Blockchain is fast becoming the new go-to-tool that promises to be the panacea for every problem. Everywhere I turn I’m seeing solutions popping up using blockchain to ‘solve’ a problem which has already been solved by regular web-tech.
For instance, I’ve read a number of whitepapers where companies are planning on using blockchain to track advertising. The rationale is often that it brings trust to a low trust environment.
This may be true, but the cost of running a distributed ledger to authenticate and store this data is far beyond what ad networks would consider to be reasonable. The volume of data stored is immense and aside from the fact that it would severely bloat the blockchain, the cost would be significant.
It’s a perfect case of using blockchain when a regular tracking solution would work just fine. It looks fantastic on the ICO, but if you critically consider that ad tracking data doesn’t need to be eternally stored and that by some estimates the cost of storing data on Ethereum works out to approximately 17,500 ETH/GB, or over $5Mil/GB the cost would be prohibitive.
When we started considering solutions for our CashBag.co product, we didn’t start with the premise that blockchain would solve it. We built our ecosystem using web server technology backed by robust databases and redundancy systems.
It’s only when we started investigating ways to improve our business, by adding immediate settlement of cash back rebates and giving our users the ability to instantly transfer their funds that we settled on blockchain as a solution.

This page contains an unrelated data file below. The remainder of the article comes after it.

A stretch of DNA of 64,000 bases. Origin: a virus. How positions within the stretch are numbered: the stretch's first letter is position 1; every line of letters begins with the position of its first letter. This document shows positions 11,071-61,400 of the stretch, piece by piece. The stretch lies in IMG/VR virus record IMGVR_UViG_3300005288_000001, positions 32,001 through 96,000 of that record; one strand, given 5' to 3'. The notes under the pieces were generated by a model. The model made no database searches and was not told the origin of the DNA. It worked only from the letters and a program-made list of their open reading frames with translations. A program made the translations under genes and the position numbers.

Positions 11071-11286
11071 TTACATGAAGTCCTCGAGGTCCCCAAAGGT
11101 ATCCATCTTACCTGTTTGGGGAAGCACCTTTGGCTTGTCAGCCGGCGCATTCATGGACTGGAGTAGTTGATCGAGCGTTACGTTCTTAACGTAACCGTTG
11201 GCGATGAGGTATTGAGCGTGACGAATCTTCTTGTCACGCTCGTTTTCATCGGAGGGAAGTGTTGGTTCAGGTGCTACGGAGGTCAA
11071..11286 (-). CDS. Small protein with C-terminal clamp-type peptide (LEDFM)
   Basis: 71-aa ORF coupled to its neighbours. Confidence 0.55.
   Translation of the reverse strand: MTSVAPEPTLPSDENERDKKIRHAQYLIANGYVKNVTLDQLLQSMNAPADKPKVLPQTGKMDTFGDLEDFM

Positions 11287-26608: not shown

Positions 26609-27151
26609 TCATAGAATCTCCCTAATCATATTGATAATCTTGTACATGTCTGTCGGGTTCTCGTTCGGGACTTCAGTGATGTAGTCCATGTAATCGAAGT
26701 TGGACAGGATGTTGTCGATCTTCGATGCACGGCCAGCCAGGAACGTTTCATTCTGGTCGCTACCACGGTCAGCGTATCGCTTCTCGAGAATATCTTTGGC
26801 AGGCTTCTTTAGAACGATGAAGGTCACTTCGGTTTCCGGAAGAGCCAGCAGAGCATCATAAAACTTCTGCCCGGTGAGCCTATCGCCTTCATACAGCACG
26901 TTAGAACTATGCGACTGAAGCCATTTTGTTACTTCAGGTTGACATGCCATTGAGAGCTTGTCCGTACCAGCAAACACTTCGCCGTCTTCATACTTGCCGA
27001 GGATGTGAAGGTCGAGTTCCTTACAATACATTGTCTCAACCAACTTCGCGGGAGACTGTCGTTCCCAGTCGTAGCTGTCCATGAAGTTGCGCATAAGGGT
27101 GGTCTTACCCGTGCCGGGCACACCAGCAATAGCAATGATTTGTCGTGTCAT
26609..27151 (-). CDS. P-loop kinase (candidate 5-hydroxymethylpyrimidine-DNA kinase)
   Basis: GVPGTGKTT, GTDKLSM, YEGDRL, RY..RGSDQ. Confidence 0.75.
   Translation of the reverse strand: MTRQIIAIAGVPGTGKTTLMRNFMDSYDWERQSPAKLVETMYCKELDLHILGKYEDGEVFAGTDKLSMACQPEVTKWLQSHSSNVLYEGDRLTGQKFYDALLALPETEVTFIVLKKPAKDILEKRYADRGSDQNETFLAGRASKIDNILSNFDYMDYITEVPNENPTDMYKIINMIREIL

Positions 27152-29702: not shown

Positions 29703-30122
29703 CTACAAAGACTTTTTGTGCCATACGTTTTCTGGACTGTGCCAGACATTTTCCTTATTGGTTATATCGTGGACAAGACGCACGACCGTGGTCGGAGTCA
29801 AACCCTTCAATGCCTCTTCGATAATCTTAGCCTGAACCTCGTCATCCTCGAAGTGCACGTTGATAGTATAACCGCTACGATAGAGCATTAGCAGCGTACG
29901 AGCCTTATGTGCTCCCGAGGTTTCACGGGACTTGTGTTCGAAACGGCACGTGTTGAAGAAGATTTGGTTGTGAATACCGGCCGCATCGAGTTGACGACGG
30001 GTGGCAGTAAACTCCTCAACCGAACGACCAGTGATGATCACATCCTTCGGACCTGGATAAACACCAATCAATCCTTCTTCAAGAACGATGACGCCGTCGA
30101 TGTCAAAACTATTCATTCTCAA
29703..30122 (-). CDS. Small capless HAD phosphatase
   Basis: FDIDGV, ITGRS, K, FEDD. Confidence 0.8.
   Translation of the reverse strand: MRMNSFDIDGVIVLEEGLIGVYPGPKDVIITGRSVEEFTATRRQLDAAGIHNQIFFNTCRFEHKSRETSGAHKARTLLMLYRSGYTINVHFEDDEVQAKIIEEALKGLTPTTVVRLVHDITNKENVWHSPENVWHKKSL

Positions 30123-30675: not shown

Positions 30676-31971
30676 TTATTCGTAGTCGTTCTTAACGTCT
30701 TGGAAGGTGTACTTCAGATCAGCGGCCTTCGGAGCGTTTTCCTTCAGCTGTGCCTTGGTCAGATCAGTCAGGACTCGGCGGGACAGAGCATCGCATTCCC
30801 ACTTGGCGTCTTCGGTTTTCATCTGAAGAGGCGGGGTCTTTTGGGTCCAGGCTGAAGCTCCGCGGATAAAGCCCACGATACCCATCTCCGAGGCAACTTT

In our instance, we wanted to create an ecosystem in which the consumer could get paid their rebates and instead of accruing towards a minimum threshold before getting paid. In some cases, this threshold could take months, or for infrequent users, years to reach.
By providing our users with a wallet that enables them to receive their rebates and cash back immediately, without high processing fees, we expect to significantly increase adoption and usage.
Developing a customer wallet and smart contracts to govern the transactions allows us to scale users exponentially, cut down on transaction processing costs and pass more value to our users, while assuring that the permanence of the transactions are maintained, through the blockchain.
A win-win solution if ever there was one and a good business case for blockchain.
(Article originally published on Medium -> https://goo.gl/LJDwMQ)